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International journal for parasitology [journal]
- The parasitic phase of Ostertagia ostertagi: quantification of the main life history traits through systematic review and meta-analysis. [JOURNAL ARTICLE]
- Int J Parasitol 2014 Sep 13.
Predictive models of parasite life cycles increase our understanding of how parasite epidemiology is influenced by global changes and can be used to support decisions for more targeted worm control. Estimates of parasite population dynamics are needed to parameterize such models. The aim of this study was to quantify the main life history traits of Ostertagia ostertagi, economically the most important nematode of cattle in temperate regions. The main parameters determining parasite density during the parasitic phase of O. ostertagi are (i) the larval establishment rate, (ii) hypobiosis rate, (iii) adult mortality and (iv) female fecundity (number of eggs laid per day per female). A systematic review was performed covering studies from 1962 to 2007, in which helminth-naïve calves were artificially infected with O. ostertagi. The database was further extended with results of unpublished trials conducted at the Laboratory for Parasitology of Ghent University, Belgium. Overall inverse variance weighted estimates were computed for each of the traits through random effects models. An average establishment rate (± S.E.) of 0.269 ± 0.022 was calculated based on data of 27 studies (46 experiments). The establishment rate declined when infection dose increased and was lower in younger animals. An average proportion of larvae entering hypobiosis (± S.E.) of 0.041 (± 0.009) was calculated based on 27 studies (54 experiments). The proportion of ingested larvae that went into hypobiosis was higher in animals that received concomitant infections with nematode species other than O. ostertagi (mixed infections). An average daily adult mortality (± S.E.) of 0.028 (± 0.002) was computed based on data from 28 studies (70 experiments). Adult mortality was positively correlated with infection dose. A daily fecundity (± S.E.) of 284 (± 45) eggs per female was found based on nine studies (10 experiments). The average female sex ratio of O. ostertagi based on individual animal data (n = 75) from six different studies was estimated to be 0.55. We believe that this systematic review is the first to summarize the available data on the main life history traits of the parasitic phase of O. ostertagi. In conclusion, this meta-analysis provides novel estimates for the parameterization of life cycle-based transmission models, explicitly reports measures of variance around these estimates, gives evidence for density dependence of larval establishment and adult mortality, shows that host age affects larval establishment and, to our knowledge, provides the first evidence for O. ostertagi of a female-biased sex ratio.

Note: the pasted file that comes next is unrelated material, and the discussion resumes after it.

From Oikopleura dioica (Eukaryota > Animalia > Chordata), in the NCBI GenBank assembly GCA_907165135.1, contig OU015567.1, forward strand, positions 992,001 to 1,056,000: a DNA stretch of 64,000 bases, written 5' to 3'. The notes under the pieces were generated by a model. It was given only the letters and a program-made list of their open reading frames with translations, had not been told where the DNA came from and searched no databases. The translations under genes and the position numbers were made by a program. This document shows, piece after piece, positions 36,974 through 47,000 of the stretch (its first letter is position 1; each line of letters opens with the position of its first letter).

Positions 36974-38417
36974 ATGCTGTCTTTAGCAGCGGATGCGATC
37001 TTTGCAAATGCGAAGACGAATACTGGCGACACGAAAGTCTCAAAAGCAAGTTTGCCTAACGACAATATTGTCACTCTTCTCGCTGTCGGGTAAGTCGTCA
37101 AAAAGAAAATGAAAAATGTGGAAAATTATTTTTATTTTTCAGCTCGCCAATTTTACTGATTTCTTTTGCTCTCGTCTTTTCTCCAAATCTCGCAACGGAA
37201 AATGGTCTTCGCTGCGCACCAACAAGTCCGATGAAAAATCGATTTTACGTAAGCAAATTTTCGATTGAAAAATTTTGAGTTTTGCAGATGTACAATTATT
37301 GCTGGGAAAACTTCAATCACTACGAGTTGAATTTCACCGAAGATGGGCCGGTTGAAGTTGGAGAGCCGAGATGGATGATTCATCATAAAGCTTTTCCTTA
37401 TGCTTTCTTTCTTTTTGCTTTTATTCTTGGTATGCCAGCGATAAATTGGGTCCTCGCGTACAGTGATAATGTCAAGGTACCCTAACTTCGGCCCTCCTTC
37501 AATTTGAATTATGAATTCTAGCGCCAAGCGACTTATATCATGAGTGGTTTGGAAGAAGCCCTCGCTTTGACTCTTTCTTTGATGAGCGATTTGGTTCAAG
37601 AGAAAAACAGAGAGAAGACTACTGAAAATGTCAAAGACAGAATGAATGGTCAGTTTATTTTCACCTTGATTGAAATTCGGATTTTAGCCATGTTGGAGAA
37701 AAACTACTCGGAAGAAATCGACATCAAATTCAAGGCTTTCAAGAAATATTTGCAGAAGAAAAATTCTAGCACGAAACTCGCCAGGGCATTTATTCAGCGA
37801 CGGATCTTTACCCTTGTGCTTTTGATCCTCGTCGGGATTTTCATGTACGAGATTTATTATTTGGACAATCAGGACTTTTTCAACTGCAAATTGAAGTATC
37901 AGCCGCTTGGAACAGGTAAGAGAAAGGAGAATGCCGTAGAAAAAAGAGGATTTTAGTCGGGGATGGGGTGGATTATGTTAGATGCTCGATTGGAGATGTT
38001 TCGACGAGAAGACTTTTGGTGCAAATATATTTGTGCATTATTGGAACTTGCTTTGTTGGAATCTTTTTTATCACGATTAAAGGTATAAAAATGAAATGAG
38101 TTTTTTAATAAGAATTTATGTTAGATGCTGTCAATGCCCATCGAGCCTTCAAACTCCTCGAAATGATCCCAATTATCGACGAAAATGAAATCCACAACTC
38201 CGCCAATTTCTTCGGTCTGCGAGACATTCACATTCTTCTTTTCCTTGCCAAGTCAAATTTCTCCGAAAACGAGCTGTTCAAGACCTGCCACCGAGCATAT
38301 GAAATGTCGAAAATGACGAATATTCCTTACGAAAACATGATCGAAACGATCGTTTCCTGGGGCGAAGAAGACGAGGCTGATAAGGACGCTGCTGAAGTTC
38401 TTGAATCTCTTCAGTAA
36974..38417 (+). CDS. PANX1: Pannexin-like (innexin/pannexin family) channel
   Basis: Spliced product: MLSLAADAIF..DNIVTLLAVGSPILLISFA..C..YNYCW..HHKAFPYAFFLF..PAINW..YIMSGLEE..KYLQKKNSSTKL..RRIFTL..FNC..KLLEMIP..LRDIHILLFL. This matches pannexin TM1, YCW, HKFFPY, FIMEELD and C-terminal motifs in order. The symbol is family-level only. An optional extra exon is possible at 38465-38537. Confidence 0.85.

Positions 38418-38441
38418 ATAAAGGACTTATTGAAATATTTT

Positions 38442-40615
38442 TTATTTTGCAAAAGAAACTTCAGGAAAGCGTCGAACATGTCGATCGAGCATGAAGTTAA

- Comparison of next-generation droplet digital PCR (ddPCR) with quantitative PCR (qPCR) for enumeration of Cryptosporidium oocysts in faecal samples. [JOURNAL ARTICLE]
- Int J Parasitol 2014 Sep 13.
Clinical microbiology laboratories rely on quantitative PCR (qPCR) for its speed, sensitivity, specificity and ease-of-use. However, qPCR quantitation requires the use of a standard curve or normalization to reference genes. Droplet digital PCR (ddPCR) provides absolute quantitation without the need for calibration curves. A comparison between ddPCR and qPCR-based analyses was conducted for the enteric parasite Cryptosporidium, which is an important cause of gastritis in both humans and animals. Two loci were analysed (18S rRNA and actin) using a range of Cryptosporidium DNA templates, including recombinant plasmids, purified haemocytometer-counted oocysts, commercial flow cytometry-counted oocysts and faecal DNA samples from sheep, cattle and humans. Each method was evaluated for linearity, precision, limit of detection (LOD) and cost. Across the same range of detection, both methods showed a high degree of linearity and positive correlation for standards (R(2) ⩾ 0.999) and faecal samples (R(2) ⩾ 0.9750). The precision of ddPCR, as measured by mean Relative Standard Deviation (RSD;%), was consistently better compared with qPCR, particularly for the 18S rRNA locus, but was poorer as DNA concentration decreased. The quantitative detection of qPCR was unaffected by DNA concentration, but ddPCR qPCR was less affected by the presence of inhibitors, compared with qPCR. For most templates analysed including Cryptosporidium-positive faecal DNA, the template copy numbers, as determined by ddPCR, were consistently lower than by qPCR. However, the quantitations obtained by qPCR are dependent on the accuracy of the standard curve and when the qPCR data were corrected for pipetting and DNA losses (as determined by ddPCR), then the sensitivity of both methods was comparable. A cost analysis based on 96 samples revealed that the overall cost (consumables and labour) of ddPCR was two times higher than qPCR. Using ddPCR to precisely quantify standard dilutions used for high-throughput and cost-effective amplifications by qPCR would be one way to combine the advantages of the two technologies.
- A dyf-7 haplotype causes sensory neuron defects and is associated with macrocyclic lactone resistance worldwide in the nematode parasite Haemonchus contortus. [JOURNAL ARTICLE]
- Int J Parasitol 2014 Sep 12.